Posts Tagged writers’ bureau

The Poetry Pharmacy, Bishop’s Castle

Poetry Pharmacy Bishop's CastleOn holiday in Bishop’s Castle, Shropshire, I discovered the Poetry Pharmacy run by Deborah Alma. It’s part cafe, part poetry bookshop, part events space and part therapy; the latter via an appointment with the Poetry Pharmacist.

We’d been walking as part of the Bishop’s Castle Walking Festival and needed coffee and cake when we found the Pharmacy. It doesn’t do the usual lattes, cappuccinos etc. Instead the waitress recommended one of the different coffee blends and then delivered a glass flask of black coffee plus a jug of warm, frothy milk on the side. Similarly, she recommended a tea blend for my husband. We sat for a long time in the quiet, peaceful space, leafing through poetry books and magazines which centred around the calmer side of life. Afterwards, I treated myself to a copy of The Emergency Poet edited by Deborah – and, unusually, the book was cheaper in the Pharmacy than on Amazon. It’s a volume full of poems designed to destress and improve the reader’s state of mind. I will be sharing some of the poems with my Shared Reading Group soon.

Still on the subject of poetry, I’ve come across three competitions open for entries:

The Winchester Poetry Prize for poems on any subject and in any form or style. First prize is £1,000. Entry fee is £5. Closing date is 31 July 2022. The judge is Jo Bell, whom I recently had the pleasure of interviewing about her role in compiling the book On this Day She: Putting Women Back into History One Day at a Time for an article in The People’s Friend magazine.

The Writers Bureau Platinum Jubilee Poetry Competition. This is FREE to enter but you need to be quick: closing date is 31st May 2022. The prize is publication on The Writers Bureau’s website and a course or place on a Zoom workshop of the winner’s choice.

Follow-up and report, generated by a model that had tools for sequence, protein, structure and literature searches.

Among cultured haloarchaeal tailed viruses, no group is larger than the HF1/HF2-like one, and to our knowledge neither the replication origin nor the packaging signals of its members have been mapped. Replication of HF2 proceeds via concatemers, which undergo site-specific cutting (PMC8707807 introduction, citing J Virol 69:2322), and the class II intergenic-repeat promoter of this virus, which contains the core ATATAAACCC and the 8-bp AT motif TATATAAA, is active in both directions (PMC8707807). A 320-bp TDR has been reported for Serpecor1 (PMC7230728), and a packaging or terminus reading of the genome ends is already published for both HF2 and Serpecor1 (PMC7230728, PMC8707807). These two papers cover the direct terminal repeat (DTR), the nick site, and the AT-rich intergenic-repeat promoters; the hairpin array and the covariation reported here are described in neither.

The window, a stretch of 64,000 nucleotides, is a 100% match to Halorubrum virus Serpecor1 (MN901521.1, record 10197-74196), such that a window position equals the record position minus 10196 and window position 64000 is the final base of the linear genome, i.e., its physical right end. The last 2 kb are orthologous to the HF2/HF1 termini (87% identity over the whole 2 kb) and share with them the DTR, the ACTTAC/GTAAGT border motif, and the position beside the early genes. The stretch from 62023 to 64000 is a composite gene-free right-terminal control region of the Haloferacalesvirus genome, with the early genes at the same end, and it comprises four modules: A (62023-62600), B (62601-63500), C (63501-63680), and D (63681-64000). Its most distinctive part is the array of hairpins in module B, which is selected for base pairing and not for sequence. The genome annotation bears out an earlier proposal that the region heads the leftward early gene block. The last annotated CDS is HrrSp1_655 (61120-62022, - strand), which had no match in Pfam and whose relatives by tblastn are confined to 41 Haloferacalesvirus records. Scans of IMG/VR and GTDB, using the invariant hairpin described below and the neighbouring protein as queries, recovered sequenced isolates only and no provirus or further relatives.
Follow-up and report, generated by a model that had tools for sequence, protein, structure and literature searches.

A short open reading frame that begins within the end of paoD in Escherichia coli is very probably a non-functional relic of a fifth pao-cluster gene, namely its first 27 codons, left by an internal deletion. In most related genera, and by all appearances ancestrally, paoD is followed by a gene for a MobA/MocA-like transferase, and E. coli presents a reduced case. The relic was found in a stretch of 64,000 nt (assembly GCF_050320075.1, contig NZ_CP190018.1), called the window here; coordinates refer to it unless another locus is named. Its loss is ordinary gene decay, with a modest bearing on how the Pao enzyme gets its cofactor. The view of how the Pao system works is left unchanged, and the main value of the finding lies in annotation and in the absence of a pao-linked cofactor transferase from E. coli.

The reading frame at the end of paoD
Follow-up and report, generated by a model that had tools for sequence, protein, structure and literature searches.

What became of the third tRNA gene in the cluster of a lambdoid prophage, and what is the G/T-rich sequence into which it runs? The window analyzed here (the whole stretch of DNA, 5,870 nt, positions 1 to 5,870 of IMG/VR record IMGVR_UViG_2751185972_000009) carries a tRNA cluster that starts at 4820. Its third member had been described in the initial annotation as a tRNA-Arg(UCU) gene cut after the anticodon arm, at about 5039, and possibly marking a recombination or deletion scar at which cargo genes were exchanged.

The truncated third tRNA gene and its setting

Ironbridge Poetry Competition 2022. This competition welcomes poems on any and every subject. First prize is £300 and the closing date is 31 July 2022. The judge is Simon Fletcher, who is widely-published as a poet and lives in Shropshire. He’s also the manager of Offa’s Press.

Poetry Pharmacy Menu

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Cover Reveal for ‘House Guests’

Let’s have a drum roll … followed by a few oohs and aahs from the audience. Here it is, the moment you’ve all been waiting for, the cover reveal for my third e-collection of short stories!

Put your hands together for the cover of House Guests and Other Stories!

House Guests and Other Stories

There are four different ways of obtaining an e-book cover:

  1. Design and create it yourself. Unless you’re a whizz at graphic design this can be very time-consuming. I give some advice on DIY (based on my own experience) in this guest post for the Writers’ Bureau.
  2. Use Amazon’s Kindle Cover Creator. This is very easy but the covers can’t be used on other e-book sales platforms and there’s a danger of them looking formulaic. I’ve written about this here.
  3. Use one of the cover designers on Fiverr.com. All services on Fiverr.com cost $5 plus a 50c processing fee (currently around £3.62). I’ve done this several times.